Magritte: The Mystery of the Ordinary, September 28th to January 14th 2014, at the MOMA
Rene’ Magritte, the famous surrealist painter behind such masterpieces as The False Mirror, The Son of Man, and the Treachery of Images, is featured in this MOMA retrospective that focuses on his early years, from 1928 until just before the outbreak of World War II. The exhibit aims to trace the central themes and methods of his most prolific period. For a good look at one of the fathers of Surrealism - easily one of the most interesting and engaging artistic movements - one can do little better.
12 Years a Slave, Directed by Steve Mcqueen, Starring Chietwel Ejiofor. Now Playing at Area Theatres
The horrors of slavery receive their finest and most shattering onscreen depiction in Steve Mcqueen’s 12 Years a Slave. The film focuses on Solomon Northrup, played by a peerless Chiwetel Ejiofor, a musician leading a tranquil life in upstate New York, who is led to believe he will be playing a gig in Washington DC, only to be kidnapped and sold into slavery, a state in which he would spend the next 12 years of his life before reuniting with his family. The brutality inherent in slavery, and ever present in the American iteration of such, is manifested here by actors ranging from Paul Giamatti, Sarah Paulson, and frequent Mcqueen collaborator Michael Fassbender, who turns in a brutal performance as the monstrous slaveowner who takes possession of Northrup. All the moral, emotional, and national reckonings that got lost in Django Unchained’s blood splatter are thrown into full relief here. You will want to look away, but won’t, because you know you can’t.
Esa Pekka Salonen’s New York Premiere of his Violin Concerto, and Sibelius’ Fifth, at the New York Philharmonic, Wednesday and Thursday, October 30 and 31st.
Esa Pekka Salonen, masterful former conductor of the Los Angeles Philharmonic, has spent the past few years writing worthy contributions to the violin and piano concerto repertoires. His violin concerto, as angular and twisty in some places as it is warmly tonal in others, is a dynamic, exciting new work, one that now receives its east coast premiere in the hands of the worthy New York Philharmonic. The program also includes Jean Sibelius’ masterpiece, his Fifth Symphony - my personal favorite - and a must for anyone whose knowledge of the Romantic tradition begins and ends with Ode to Joy.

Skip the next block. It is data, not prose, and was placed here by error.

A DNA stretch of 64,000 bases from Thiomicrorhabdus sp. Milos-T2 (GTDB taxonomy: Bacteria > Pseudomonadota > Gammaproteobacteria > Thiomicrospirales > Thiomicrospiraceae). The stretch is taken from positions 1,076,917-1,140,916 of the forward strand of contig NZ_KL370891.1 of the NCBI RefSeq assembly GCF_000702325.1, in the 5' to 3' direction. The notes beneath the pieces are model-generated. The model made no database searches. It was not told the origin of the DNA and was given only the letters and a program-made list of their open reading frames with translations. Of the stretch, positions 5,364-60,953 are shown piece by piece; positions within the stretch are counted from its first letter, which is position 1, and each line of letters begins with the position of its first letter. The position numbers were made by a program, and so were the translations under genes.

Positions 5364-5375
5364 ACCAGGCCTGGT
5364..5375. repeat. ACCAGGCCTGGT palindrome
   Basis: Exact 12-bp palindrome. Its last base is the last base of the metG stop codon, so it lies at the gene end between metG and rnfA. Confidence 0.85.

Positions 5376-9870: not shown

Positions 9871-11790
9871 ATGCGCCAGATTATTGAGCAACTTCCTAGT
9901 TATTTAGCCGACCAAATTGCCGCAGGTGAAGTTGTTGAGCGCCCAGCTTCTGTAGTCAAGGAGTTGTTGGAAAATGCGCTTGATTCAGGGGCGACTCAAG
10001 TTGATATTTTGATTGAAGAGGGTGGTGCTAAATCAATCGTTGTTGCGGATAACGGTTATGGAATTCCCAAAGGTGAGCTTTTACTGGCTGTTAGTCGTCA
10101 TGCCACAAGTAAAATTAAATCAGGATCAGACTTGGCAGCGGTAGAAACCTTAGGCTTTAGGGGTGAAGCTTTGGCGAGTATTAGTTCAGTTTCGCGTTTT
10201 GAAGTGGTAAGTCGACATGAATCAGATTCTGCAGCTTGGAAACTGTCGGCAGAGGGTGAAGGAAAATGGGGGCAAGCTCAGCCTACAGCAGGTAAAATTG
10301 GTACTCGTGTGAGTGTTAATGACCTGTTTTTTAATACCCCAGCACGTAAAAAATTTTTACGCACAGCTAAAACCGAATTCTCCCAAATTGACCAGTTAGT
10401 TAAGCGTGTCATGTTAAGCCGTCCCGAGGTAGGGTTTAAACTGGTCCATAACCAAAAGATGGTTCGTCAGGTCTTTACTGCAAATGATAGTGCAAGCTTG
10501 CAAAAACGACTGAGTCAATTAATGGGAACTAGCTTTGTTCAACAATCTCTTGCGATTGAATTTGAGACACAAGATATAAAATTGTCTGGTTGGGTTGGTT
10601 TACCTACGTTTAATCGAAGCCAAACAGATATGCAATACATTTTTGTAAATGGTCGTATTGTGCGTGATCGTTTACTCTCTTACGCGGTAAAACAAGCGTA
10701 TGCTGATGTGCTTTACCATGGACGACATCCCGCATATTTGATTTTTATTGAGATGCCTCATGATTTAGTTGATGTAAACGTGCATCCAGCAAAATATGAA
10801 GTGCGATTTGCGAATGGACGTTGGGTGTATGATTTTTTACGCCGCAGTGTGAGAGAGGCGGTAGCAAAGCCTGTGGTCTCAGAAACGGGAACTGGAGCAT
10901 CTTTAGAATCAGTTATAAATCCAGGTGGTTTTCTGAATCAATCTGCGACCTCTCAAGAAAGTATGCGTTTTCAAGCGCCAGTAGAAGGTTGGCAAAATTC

The Counselor, Directed by Ridley Scott, starring Michael Fassbender, Brad Pitt, Cameron Diaz, Penelope Cruz, and Javier Bardem. Opens October 25th.
There isn’t much to say about this, except that the screenplay is by Cormac Maccarthy, perhaps the greatest living American writer. Maccarthy knows his way around blood, violence, sex, and emotional turmoil. The director is Ridley Scott, who has made those concepts and substances his cinematic lifeblood. Then there’s that cast. Go see it.
Frightened Rabbit, Webster Hall, October 24th.
The beardiest, flanneliest, despondentiest, sing-alongiest Scottish folk-rock band, particularly beloved in these parts, are back for another 2 hours of beery heartbreak rock. The two elements that elevate Frightened Rabbit above your average sad sack indie band are their sharply observed songs of love and loss, where humor, darkness, and a generously crushed heart are never far, and the insanely catchy rock songs they keep framing such feelings in. Do yourself a favor - buy all their albums, starting with The Midnight Organ Fight, and see what the hell I’m talking about. Then GO.
Dance with Dragons Softcover Edition, written by George R.R. Martin. Available at local booksellers and on Amazon October 29th.
For those of you who silently repeat to yourself A Song of Ice and Fire every time anyone makes reference to “Game of Thrones”, the day quickly approaches when you can own the latest book in the series. No spoilers, but there will be dragons in this one. It also features a billion pages, a thousand new characters, and some cliffhangers that made me want to claw George R. R, Martin’s eyes out. I won’t though, because I’m desperately waiting for October 29th, and I don’t think dictation will make things any quicker.